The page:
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Table of Contents

Lead Story

Gen Y poised to rock payments


Industry Update

Senate committee brings interchange to account set for Boot Camp

Opening Pandora's Box?

HMS' parent sold

Alleged TJX cyber criminals indicted

Payments primed for new growth

To listen actively

Vicki M. Daughdrill
Small Business Resources LLC


GS Advisory Board:
What's up in this downturn? - Part I

In transit with the unbanked

Generation Y not?


Banking on generational changes

Patti Murphy
The Takoma Group


Street SmartsSM:
Telemarketing - The horn of plenty

Jason Felts
Advanced Merchant Services

Bold new mode in modems

Dale S. Laszig
DSL Direct LLC

It really isn't what you know

Nancy Drexler
SignaPay Ltd.

The buyers are back

Lane Gordon

To listen actively

Vicki M. Daughdrill
Small Business Resources LLC

The buyers are back

Lane Gordon

Company Profile

IMS Inc.

New Products

Mirror success with facecard

Company: edő Interactive

Data breach insurance has your back

Merchant Data Security Policy
C.L. Frates and Company


Burnish legacy with mentoring

Burnish legacy with mentoring



Resource Guide


A Bigger Thing

The Green Sheet Online Edition

August 25, 2008  •  Issue 08:08:02

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HMS' parent sold

On July 25, 2008, Humboldt Merchant Services LP's parent company, First National Bank of Nevada (operating as First National Bank of Arizona in that state) and its California-based affiliate First Heritage Bank of Newport Beach N.A. were declared insolvent by the U.S. Office of the Comptroller of the Currency.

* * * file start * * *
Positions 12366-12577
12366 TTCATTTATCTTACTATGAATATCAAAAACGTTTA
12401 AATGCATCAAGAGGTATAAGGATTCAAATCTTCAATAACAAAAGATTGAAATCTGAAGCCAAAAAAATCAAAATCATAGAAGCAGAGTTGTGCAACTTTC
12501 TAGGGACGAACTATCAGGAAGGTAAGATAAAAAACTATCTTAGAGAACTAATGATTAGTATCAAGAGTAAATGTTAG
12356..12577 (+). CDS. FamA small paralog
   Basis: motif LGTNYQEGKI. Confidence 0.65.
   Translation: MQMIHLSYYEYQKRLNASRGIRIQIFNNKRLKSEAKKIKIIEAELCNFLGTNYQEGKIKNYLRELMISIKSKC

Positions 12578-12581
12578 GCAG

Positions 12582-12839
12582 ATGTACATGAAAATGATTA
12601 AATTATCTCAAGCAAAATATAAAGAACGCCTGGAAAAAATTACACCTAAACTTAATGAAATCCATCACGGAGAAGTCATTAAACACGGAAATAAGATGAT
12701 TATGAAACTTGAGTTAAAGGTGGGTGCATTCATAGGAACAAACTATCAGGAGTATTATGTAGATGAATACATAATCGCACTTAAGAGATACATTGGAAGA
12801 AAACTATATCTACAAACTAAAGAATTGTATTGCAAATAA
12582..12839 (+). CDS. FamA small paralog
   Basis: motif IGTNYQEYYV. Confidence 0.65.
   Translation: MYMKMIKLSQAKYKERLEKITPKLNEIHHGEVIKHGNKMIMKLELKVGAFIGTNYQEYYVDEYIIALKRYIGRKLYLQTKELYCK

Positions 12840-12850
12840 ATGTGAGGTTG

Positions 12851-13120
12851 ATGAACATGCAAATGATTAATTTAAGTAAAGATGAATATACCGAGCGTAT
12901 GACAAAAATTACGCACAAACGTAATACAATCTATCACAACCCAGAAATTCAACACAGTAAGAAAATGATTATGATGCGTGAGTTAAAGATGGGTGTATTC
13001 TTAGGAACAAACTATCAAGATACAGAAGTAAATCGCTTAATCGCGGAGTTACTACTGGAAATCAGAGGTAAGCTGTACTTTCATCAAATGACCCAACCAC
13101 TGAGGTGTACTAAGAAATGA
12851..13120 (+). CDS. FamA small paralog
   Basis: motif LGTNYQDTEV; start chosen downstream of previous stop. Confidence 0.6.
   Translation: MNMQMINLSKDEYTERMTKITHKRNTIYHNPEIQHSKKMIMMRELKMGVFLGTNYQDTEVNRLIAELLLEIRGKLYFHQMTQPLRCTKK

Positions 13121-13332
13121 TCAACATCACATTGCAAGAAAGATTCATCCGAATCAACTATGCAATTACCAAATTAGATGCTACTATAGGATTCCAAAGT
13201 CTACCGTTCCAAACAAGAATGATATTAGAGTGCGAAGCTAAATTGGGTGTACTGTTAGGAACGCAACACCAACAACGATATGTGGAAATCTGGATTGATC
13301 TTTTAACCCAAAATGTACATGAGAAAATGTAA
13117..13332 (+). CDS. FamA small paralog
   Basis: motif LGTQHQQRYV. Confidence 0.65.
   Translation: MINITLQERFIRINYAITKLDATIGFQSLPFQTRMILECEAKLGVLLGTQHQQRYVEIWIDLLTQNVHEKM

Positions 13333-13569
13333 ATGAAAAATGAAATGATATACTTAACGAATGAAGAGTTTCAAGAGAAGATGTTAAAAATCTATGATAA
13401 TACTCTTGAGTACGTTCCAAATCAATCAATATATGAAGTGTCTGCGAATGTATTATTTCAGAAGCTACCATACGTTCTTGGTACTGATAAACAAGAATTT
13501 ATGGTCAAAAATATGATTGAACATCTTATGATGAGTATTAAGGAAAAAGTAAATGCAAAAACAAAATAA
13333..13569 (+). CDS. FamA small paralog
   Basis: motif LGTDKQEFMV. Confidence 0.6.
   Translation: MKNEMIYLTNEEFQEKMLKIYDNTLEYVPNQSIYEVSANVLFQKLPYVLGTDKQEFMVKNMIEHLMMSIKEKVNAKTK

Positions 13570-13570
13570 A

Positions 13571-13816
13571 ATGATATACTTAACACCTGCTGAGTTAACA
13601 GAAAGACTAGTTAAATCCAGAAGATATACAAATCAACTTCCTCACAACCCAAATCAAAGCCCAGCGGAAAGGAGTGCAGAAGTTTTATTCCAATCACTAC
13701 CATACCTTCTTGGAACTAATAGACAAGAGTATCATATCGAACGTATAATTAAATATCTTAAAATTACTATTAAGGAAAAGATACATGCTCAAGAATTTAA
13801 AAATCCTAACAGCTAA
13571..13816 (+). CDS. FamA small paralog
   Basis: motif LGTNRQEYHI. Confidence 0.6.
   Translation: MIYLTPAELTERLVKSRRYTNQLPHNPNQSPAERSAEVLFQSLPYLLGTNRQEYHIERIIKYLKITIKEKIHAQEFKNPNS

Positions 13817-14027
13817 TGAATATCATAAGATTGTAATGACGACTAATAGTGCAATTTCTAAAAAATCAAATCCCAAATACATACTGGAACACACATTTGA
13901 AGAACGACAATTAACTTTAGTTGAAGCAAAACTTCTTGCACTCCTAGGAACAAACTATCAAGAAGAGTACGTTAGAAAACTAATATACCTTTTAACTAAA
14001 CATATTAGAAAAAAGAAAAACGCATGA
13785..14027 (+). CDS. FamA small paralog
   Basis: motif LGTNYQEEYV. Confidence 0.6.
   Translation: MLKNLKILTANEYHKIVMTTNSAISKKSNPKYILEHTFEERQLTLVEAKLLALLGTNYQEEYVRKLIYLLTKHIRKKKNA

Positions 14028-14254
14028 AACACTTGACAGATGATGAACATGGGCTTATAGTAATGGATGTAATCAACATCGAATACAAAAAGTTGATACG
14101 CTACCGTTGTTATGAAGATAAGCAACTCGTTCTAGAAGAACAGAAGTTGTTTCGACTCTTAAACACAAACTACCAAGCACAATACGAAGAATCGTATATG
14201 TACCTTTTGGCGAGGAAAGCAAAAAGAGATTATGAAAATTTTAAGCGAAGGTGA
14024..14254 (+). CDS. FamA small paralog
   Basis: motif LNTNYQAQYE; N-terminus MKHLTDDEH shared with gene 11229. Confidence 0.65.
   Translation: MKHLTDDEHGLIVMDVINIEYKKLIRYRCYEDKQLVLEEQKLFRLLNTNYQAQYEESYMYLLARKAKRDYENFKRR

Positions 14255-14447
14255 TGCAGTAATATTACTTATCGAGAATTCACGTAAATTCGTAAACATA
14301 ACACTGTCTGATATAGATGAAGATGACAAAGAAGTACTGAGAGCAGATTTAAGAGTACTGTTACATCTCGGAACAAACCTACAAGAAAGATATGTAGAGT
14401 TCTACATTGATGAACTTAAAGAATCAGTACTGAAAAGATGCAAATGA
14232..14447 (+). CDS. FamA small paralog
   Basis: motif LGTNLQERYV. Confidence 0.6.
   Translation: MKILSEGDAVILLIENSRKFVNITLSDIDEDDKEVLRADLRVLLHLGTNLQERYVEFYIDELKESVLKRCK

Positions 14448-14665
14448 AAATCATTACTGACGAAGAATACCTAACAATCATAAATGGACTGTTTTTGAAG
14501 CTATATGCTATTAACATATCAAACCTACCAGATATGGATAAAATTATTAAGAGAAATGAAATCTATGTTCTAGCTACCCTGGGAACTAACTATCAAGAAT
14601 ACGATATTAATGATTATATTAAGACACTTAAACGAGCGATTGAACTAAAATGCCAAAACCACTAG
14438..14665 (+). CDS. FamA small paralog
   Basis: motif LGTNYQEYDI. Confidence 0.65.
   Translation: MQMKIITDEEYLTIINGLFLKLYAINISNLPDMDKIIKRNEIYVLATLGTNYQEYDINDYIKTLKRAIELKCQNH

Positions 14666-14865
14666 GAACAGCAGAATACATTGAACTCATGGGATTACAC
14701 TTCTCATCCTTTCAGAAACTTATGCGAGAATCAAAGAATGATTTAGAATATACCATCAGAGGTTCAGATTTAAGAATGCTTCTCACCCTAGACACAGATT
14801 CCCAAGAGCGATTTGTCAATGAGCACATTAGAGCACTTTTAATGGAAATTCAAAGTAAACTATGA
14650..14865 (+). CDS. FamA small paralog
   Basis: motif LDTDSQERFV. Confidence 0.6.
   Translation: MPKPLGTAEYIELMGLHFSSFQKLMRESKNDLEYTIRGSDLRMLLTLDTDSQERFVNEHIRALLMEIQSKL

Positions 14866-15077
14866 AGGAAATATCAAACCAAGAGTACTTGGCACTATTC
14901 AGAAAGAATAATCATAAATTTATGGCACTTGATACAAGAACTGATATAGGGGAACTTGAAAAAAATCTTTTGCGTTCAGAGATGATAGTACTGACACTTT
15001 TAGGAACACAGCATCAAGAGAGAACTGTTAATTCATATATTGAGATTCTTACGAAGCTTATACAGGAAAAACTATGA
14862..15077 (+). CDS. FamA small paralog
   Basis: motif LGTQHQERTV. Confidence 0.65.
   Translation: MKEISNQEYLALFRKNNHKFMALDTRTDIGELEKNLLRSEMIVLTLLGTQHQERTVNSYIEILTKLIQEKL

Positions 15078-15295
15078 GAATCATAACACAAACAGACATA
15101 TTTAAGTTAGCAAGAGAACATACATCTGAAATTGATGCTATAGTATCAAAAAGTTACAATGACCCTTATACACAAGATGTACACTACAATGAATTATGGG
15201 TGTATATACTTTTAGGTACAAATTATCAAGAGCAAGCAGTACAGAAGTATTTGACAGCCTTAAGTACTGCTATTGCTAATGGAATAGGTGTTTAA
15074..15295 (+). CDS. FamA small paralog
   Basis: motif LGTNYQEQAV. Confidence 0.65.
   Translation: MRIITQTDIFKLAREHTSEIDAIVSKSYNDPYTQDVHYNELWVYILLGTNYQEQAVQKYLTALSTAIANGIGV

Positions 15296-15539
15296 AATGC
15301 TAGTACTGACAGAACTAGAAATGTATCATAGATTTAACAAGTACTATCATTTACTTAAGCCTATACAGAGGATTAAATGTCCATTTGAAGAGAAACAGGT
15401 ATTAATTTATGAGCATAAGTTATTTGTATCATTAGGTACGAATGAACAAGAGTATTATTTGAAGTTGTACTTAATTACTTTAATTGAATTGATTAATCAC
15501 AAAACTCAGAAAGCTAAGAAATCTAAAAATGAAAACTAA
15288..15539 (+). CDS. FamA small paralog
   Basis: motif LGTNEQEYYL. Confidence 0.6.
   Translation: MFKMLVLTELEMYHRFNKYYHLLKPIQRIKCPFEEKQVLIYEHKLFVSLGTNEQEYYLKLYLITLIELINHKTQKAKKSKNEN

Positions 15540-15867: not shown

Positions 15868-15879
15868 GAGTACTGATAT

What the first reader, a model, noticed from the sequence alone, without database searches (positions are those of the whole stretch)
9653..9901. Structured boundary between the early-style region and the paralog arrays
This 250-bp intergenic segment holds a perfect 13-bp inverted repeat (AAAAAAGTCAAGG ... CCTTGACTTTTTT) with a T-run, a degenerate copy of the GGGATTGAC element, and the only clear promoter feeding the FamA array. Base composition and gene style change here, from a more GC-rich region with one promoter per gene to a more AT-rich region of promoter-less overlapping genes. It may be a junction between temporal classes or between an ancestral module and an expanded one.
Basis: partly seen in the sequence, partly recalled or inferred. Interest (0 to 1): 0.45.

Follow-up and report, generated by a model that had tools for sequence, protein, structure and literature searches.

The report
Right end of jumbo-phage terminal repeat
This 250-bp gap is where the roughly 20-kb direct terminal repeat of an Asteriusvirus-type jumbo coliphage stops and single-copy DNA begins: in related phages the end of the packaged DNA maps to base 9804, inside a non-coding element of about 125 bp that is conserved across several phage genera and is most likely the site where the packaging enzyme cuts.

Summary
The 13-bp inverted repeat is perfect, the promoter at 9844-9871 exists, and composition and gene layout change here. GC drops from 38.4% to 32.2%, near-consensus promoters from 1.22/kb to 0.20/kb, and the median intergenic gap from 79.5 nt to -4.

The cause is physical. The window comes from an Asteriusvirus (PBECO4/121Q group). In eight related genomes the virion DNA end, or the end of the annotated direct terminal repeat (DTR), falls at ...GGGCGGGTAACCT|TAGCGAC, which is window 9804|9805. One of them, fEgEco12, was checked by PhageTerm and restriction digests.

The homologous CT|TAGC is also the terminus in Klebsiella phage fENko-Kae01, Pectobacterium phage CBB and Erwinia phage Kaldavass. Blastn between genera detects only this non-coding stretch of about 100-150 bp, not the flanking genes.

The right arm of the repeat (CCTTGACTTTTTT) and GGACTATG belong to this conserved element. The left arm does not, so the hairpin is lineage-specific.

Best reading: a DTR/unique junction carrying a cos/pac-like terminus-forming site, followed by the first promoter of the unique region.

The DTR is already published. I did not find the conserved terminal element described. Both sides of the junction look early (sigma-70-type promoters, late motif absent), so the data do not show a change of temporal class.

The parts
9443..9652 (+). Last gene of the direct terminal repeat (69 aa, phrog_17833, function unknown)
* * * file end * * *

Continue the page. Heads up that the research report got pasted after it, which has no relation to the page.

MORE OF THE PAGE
The two banks, owned by First National Bank Holding Co., were closed, and the Federal Deposit Insurance Corp. was named receiver.

The FDIC's board of directors then approved a $3 billion purchase and assumption agreement with Mutual of Omaha Insurance Co. subsidiary Mutual of Omaha Bank (Mutual) to take over all deposits and certain assets of the financial institutions, including the wealth management and home owner association divisions.

Depositors in the money

The next business day (a weekend intervened), the banks' 28 offices reopened as Mutual branches. All depositor funds were made whole, including accounts with deposits higher than the FDIC's $100,000 insurance coverage limit.

"We would first like to reassure all customers of First National Bank of Nevada and First Heritage Bank that all their deposits are safe and accessible," said Jeff Schmid, Mutual's Chairman and Chief Executive Officer. "Their deposits will automatically transition to Mutual of Omaha and we will be open for business."

According to a Mutual press release, the FDIC will retain most of the banks' loan portfolios.

The FDIC said this acquisition was the "least costly" resolution to the crisis. Mutual will pay the FDIC - which retains for future disposition the assets not included in the purchase and assumption agreement - a premium of 4.41 percent to assume all the deposits. Mutual plans to retain most, or all, employees it gained through the acquisition.

Payments in the mix

Eureka, Calif.-based HMS, a payment processor serving 18,000 merchants, was affected when Mutual purchased $200 million in receivership assets.

Ken Musante, President of HMS and a member of The Green Sheet advisory board, posted a letter on the HMS Web site reassuring constituents that the company is still separate, solvent and viable, and pledges continued commitment to customers and business partners.

"I would like to take this opportunity to assure you that our daily ongoing operations and management remain intact," Musante wrote. "The FDIC assumed majority interest in Humboldt Merchant Services to ensure our continued growth. This means our customers will continue to receive uninterrupted payment processing.

"Additionally, processing of funds have not and will not be impacted. Settlement and support will continue to operate as normal with no disruption in daily activities."

When asked what impact the takeover of these banks might have on the payments industry overall, Musante said he was not yet at liberty to speak on the record about the matter.

However, after the buyout is resolved, he intends to discuss its ramifications in an upcoming issue of The Green Sheet.

Notice to readers: These are archived articles. Contact names or information may be out of date. We regret any inconvenience.

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